Collaboration is working together to achieve a common goal. In health care, this usually is a team of professionals or organizations with different backgrounds and expertise all working together to improve care. Kentucky currently has several collaboratives established with goals to reduce healthcare-associated infections.
The Kentucky Department for Public Health HAI Program implemented a long-term care (LTC) facility collaborative aimed at reducing catheter-associated urinary tract infections (CAUTIs) and Clostridium difficile infections (CDIs).
The collaborative ran from November 2011 through July 2012. The following are outputs of the project:
- Preparing LTC facilities for CAUTI reporting in NHSN
- Improving surveillance of CAUTIs and CDIs
- Implementing evidence-based practices for CAUTIs and CDIs
- Determining appropriate antimicrobial stewardship measures
- Reducing CAUTI and CDI infections
As a result of this work, the HAI Program drafted a host of resources to use in part, in whole, or as a comparison to existing policies and procedures. Use the Resources links at left under the LTC Collaborative section for more information.
Methicillin-resistant Staphylococcus aureus (MRSA) is a type of bacteria resistant to certain antibiotics including methicillin and other more common antibiotics. Staph infections, including MRSA, occur most frequently in hospitals and health care facilities (such as nursing homes and dialysis centers) and among people with weakened immune systems.
In January 2009, the Kentucky Hospital Association, in partnership with the University Of Louisville School Of Public Health and Information Sciences, the Kentucky Department for Public Health and the University of Kentucky, launched a statewide collaborative aimed at increasing knowledge of identification, treatment and containment of MRSA through evidenced-based and systematic data reporting and education.
The collaborative uses best practices, infection prevention experts and easily accessible Web-based tools to educate health care providers and members of other disciplines. More information is available and can be found at the Kentucky MRSA Collaborative website or by contacting Elizabeth Cobb.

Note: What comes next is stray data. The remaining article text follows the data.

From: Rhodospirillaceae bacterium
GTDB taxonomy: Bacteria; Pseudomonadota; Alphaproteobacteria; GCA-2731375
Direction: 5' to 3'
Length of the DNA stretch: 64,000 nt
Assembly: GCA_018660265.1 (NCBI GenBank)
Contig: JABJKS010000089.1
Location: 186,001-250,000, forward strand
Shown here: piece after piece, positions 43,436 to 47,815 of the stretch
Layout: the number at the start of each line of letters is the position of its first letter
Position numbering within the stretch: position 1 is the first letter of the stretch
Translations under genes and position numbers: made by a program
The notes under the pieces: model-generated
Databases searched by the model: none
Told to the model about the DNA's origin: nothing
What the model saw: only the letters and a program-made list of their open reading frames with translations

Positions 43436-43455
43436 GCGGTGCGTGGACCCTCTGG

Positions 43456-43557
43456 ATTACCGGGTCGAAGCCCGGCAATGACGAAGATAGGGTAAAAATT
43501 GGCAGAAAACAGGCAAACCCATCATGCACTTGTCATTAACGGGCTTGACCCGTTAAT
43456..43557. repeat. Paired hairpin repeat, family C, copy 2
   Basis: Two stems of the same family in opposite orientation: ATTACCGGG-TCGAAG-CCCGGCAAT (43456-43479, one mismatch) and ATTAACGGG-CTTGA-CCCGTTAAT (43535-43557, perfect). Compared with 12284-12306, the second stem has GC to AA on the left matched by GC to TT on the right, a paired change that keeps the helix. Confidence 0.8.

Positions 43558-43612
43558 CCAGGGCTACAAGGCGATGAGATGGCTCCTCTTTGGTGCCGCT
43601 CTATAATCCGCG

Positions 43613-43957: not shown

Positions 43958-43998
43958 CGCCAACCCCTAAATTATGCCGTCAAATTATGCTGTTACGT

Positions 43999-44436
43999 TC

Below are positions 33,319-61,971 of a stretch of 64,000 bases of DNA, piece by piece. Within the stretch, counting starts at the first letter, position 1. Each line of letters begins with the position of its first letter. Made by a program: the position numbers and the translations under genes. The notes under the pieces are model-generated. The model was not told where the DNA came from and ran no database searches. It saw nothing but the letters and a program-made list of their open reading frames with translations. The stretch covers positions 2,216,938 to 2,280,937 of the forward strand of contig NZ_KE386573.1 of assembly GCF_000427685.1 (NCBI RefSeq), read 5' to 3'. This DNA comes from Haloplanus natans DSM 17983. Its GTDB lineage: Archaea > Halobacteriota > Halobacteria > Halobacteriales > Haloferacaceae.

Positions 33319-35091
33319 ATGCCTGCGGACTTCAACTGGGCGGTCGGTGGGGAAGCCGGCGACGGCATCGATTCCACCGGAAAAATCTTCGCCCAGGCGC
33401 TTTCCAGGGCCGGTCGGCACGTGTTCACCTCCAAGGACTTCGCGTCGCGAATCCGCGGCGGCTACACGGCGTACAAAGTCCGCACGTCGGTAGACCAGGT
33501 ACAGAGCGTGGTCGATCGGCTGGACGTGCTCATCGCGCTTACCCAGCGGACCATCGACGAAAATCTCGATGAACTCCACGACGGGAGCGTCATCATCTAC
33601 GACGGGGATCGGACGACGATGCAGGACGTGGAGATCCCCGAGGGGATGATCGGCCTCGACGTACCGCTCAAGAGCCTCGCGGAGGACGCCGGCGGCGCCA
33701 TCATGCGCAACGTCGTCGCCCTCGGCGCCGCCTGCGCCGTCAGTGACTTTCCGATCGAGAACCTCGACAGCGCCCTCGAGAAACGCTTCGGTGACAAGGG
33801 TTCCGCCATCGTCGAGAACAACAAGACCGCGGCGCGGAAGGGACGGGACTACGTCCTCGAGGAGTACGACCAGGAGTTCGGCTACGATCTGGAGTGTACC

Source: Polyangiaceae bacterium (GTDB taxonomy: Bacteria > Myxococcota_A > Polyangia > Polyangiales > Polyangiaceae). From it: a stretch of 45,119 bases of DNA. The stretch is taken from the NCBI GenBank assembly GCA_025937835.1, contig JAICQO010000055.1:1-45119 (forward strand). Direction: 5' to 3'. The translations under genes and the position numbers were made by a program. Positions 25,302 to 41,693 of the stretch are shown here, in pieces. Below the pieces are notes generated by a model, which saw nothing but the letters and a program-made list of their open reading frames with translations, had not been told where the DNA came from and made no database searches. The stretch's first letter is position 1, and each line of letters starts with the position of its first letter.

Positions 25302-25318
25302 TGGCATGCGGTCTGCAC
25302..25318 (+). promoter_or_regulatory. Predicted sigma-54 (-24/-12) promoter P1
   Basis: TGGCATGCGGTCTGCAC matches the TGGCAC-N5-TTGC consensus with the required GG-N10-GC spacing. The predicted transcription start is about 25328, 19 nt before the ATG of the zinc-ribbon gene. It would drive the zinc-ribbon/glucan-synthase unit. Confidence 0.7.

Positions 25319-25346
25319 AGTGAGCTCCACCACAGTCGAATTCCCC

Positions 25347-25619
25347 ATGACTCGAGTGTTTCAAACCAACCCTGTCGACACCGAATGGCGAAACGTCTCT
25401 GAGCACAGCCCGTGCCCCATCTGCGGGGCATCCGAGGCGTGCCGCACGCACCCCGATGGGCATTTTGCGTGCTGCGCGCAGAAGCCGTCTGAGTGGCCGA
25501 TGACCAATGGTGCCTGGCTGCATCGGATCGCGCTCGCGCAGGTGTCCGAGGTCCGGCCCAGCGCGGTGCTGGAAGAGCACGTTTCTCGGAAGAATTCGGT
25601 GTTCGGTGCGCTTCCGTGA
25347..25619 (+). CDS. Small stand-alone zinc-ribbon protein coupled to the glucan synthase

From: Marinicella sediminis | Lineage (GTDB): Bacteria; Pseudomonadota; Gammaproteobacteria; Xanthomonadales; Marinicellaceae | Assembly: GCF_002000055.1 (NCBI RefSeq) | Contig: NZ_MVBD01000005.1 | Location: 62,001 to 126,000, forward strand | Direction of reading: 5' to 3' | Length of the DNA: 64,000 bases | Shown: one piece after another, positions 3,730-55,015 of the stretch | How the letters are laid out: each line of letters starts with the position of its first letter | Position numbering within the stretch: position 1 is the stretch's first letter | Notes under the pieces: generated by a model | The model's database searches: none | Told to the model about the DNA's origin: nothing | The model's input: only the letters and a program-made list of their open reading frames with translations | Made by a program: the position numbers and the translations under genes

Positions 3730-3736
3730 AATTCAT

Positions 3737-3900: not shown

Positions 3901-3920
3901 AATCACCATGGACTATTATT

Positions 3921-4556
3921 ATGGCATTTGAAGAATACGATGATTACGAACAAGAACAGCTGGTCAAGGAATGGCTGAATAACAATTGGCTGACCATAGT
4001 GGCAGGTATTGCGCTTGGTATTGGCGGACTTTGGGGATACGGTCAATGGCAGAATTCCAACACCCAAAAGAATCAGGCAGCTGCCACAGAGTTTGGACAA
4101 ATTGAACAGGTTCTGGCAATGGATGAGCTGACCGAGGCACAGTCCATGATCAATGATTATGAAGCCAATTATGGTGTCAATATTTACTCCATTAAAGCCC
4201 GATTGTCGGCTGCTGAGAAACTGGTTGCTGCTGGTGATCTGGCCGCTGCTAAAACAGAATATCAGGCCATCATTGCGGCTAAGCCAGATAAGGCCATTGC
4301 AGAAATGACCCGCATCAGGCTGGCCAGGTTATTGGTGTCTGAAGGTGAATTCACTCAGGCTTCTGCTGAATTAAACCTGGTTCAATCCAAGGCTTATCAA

In 2010, Kentucky joined a national initiative, On The CUSP: Stop BSI, to address the prevention of central line-associated bloodstream infections (CLABSI). Through the use of the Comprehensive Unit Based Safety Program (CUSP) developed by Peter Pronovost, MD, PhD and others at Johns Hopkins University and through the use of CLASBI-reduction protocols, hospitals in Kentucky and around the nation have significantly reduced the rate of CLABSI, saved lives and reduced costs associated with treating these infections.
This initiative is supported and managed by the Kentucky Hospital Association and funded by the Agency for Healthcare Research Quality to improve teamwork and patient safety culture. Faculty from Johns Hopkins serve as clinical and program coaches on the initiative and staff from the Michigan Hospital Association collects and analyzes data for our state. KHA staff serves as facilitators for the program, data collection and coaching calls.
The CUSP program is a two-year commitment for participating hospitals. Currently, 55 Kentucky units, representing 33 hospitals, participate in On The CUSP: Stop BSI.
More information about On the CUSP; Stop BSI, visit the program website or contact Elizabeth Cobb at the Kentucky Hospital Association.
Catheter-associated urinary tract infections (CAUTIs) are the most common type of hospital-acquired infection in U.S. hospitals; yet, the vast majority of CAUTIs are preventable.
While we know that many Kentucky hospitals have adopted measures to reduce CAUTI, the CUSP initiative will provide additional resources and make a significant improvement in CAUTI rates hospitals across Kentucky.
Twenty-nine Kentucky hospitals are participating in On The CUSP: Stop CAUTI, a two-year project beginning in 2011 involving data collection, implementation of best practice guidelines and efforts to improve patient safety culture within the facility.
For more information about the On The CUSP: Stop CAUTI, visit the program website or please contact Elizabeth Cobb at the Kentucky Hospital Association